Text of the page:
Does inbreeding cause inherited disease?



Quote from the Kennel Club:

Does inbreeding cause inherited disease?

The gene mutations that result in inherited disease occur at random and are fairly rare events. We know from experimental data that certain chemicals and certain kinds of chemicals can cause DNA damage resulting in the mutation of the gene involved. Some of the inherited diseases that we recognise today will have resulted from such insults, but probably most result from errors in copying DNA that have gone undetected. So, inbreeding per se does not cause genetic mutations, as far as we know. However, we have already seen that many of the inherited diseases in the dog result from recessive mutations; an affected dog will have two copies of the recessive mutation. However, the carrier dog, that carrying one normal gene copy and one mutant gene copy, will be clinically normal. Inbreeding to such carrier dogs will result in a rapid build up in the frequency of the mutant gene such that eventually affected dogs will be produced. Inbreeding therefore does not cause a mutation that results in an inherited disease, but once such a mutation has occurred, inbreeding will increase the frequency of the mutant version of the gene in the breed far quicker than other more random breeding programmes.


Quote from the Kennel Club:

Hip Dysplasia

What is Hip Dysplasia?

Hip dysplasia is a condition where the hip joint does not develop correctly. As the dog gets older the joint undergoes wear and tear and the joint deteriorates, leading to a loss of function.   This can cause varying degrees of pain, discomfort, stiffness and lameness.

How is Hip Dysplasia inherited?

Hip dysplasia is a complex inherited disorder, which is influenced by a number of different genes and by several environmental factors (eg diet, exercise, environment or factors when in the womb before birth). Each of the genes that help to make a dog's hips may have different possible versions.  Some versions increase the risk of hip dysplasia, while others decrease the risk.  Each dog will have a mix of these "good" and "bad" versions of genes, making it very difficult to predict to what extent a dog will be affected.  The impact one version of a gene has might only be slight, but lots of genes having a small influence will have a combined additive effect.  The way in which these conditions are inherited is not straight forward; hence the name complex disorders.  These complex diseases are usually seen across many different breeds and are also described in both cross breeds and mixed breeds.

Which breeds are affected?

Since hip dysplasia is partly inherited, dogs that share similar genes are more likely to be similar in terms of how severely they have hip dysplasia.  Individuals in each breed share a significant amount of their genetic make-up and so certain breeds are more vulnerable to hip dysplasia than others.  It is generally accepted that this condition is more common in larger breeds (possibly because these breeds are heavier and this greater weight has more of an effect in producing osteoarthritis due to laxity) but can occur in any dog of any size, regardless of whether they are purebred or mixed bred.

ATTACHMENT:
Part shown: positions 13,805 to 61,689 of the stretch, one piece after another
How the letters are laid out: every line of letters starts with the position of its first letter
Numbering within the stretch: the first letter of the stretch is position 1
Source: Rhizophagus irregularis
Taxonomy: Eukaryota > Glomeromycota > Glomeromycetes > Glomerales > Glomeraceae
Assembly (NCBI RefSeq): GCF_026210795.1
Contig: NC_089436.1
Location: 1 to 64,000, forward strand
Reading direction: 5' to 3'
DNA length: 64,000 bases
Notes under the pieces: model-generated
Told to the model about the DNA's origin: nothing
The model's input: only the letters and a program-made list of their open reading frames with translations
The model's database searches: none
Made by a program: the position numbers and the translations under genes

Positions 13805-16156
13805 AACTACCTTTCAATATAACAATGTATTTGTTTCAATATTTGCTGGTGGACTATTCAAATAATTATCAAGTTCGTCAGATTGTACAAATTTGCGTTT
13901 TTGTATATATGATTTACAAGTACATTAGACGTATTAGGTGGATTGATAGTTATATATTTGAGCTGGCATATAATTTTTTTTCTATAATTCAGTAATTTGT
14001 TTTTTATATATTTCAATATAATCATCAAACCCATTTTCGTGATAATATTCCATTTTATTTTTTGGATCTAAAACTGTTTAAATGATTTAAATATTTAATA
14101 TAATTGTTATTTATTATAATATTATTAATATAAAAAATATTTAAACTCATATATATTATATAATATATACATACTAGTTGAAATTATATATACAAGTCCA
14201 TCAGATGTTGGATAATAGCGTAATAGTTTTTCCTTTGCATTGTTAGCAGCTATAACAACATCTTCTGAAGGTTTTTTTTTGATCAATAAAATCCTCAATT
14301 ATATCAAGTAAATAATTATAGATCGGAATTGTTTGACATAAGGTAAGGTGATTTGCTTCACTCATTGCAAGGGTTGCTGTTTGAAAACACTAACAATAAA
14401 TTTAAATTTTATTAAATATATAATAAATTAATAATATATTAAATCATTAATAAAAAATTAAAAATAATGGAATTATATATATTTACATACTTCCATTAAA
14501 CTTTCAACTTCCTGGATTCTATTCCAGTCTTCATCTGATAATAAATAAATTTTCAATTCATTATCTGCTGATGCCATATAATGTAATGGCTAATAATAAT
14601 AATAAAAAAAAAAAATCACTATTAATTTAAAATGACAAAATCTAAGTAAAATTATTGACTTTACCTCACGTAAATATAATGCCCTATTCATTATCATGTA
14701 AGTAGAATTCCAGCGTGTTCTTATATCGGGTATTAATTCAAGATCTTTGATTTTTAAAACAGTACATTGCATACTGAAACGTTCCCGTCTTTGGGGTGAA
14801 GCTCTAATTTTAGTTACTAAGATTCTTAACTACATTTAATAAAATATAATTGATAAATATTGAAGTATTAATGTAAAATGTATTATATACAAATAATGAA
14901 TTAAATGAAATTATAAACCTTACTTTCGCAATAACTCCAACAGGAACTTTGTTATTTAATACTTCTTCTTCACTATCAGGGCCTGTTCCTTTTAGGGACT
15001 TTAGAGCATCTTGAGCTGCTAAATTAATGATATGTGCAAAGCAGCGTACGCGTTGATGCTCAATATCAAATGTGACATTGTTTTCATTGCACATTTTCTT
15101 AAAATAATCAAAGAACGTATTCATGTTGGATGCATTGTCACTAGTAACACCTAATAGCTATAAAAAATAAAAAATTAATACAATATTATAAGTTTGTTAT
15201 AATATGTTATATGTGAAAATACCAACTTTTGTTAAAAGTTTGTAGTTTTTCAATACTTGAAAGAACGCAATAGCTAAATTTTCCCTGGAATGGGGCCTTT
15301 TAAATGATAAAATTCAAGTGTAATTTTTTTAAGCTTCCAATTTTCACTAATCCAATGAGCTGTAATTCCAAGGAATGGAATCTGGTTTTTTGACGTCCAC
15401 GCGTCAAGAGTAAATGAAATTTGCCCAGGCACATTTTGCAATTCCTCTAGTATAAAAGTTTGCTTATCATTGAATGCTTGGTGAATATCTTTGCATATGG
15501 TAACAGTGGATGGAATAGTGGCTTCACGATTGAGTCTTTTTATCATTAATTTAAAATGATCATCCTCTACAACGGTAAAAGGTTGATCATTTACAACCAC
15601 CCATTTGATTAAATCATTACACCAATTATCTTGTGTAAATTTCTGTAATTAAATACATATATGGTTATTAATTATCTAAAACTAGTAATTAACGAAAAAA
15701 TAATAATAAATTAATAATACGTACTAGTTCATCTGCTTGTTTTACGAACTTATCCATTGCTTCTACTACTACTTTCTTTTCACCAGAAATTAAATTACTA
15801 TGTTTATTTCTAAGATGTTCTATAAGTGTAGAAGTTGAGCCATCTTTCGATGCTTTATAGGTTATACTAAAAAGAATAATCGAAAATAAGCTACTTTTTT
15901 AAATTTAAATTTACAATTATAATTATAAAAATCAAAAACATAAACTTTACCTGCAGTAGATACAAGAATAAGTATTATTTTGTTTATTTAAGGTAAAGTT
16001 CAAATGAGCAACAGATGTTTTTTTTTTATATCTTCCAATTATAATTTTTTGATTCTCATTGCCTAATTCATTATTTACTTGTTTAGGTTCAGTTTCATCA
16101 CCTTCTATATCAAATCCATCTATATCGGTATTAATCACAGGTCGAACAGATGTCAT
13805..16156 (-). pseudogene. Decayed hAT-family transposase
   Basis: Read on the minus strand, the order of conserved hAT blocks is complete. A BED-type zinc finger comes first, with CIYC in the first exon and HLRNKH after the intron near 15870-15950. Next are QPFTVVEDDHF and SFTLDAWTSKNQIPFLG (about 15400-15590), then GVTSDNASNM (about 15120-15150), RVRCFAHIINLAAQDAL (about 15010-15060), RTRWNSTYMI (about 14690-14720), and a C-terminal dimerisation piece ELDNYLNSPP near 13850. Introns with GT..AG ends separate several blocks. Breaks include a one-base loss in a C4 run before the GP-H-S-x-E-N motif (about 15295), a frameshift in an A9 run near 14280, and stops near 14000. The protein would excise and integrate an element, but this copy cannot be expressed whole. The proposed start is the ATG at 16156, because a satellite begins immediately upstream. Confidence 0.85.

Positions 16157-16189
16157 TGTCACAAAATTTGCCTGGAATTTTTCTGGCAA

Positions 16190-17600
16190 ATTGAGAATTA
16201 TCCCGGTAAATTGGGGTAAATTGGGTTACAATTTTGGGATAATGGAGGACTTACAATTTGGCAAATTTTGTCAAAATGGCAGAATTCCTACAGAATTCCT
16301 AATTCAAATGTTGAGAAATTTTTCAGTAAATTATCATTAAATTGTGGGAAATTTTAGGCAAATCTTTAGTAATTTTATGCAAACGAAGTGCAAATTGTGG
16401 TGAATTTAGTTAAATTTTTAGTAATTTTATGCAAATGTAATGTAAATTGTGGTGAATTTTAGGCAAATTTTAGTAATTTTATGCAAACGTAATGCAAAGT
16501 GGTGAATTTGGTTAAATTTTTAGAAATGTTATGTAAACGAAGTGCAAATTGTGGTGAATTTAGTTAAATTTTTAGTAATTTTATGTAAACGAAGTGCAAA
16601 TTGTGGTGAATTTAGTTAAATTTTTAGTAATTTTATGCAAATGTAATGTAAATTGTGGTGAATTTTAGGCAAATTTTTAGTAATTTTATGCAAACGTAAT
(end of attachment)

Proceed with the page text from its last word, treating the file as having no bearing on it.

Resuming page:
The BVA/KC Hip Score Scheme

The British Veterinary Association (BVA) and Kennel Club (KC) scoring scheme has been in operation since 1984.  The scheme screens animals for faults in the hip joints and allows animals with the best hip joints to be chosen for breeding.  A dog's X-rays are scored by a panel of experts who are part of the hip dysplasia scheme.

Each hip joint is assessed by BVA/KC scrutineers who assign points based on nine aspects of each hip joint.  The degree to which a dog is affected by hip dysplasia is represented by a score given to each hip.  This score ranges from zero to 106 (zero to 53 for each hip) with a score of zero representing the least degree of hip dysplasia and 53 representing the most.

Using BVA/KC hips scores to produce Estimated Breeding Values (EBVs)

Data from the BVA/KC Hip Dysplasia Scheme is used to calculate an estimated inheritance "risk factor" for each dog (EBV).  EBV's help breeders of KC registered pedigree dogs to continue to make sensible and informed health choices for breeding, based on robust data.

Complex inherited disorders, such as hip dysplasia, are influenced by both genetic and environmental factors.  EBV's essentially strip away the environmental influences to estimate the genetic component of these conditions, enabling breeders to better understand the genes a dog may pass on to its offspring.  If used as part of breeding decisions EBV's can help reduce the risk of puppies inheriting hip dysplasia more effectively than by the sire and dam's individual hip scores alone.

EBVs link all available pedigree information with data collected through the BVA/KC testing schemes.  The information on relatives (who share genetics) influences the genetic risk of an individual.  Therefore, the more breeders that make use of these schemes, and the more dogs that are scored, the more accurate the EBV will be.  By continuing to hip score, breeders are securing the future for countless other dogs by providing the information needed to continue Estimated Breeding Values.

What do EBV values and figures mean?

The Kennel Club's EBV resource provides the hip score, the EBV as a number, the confidence as a percentage, and a graphical representation of the EBV and confidence.

EBV Scores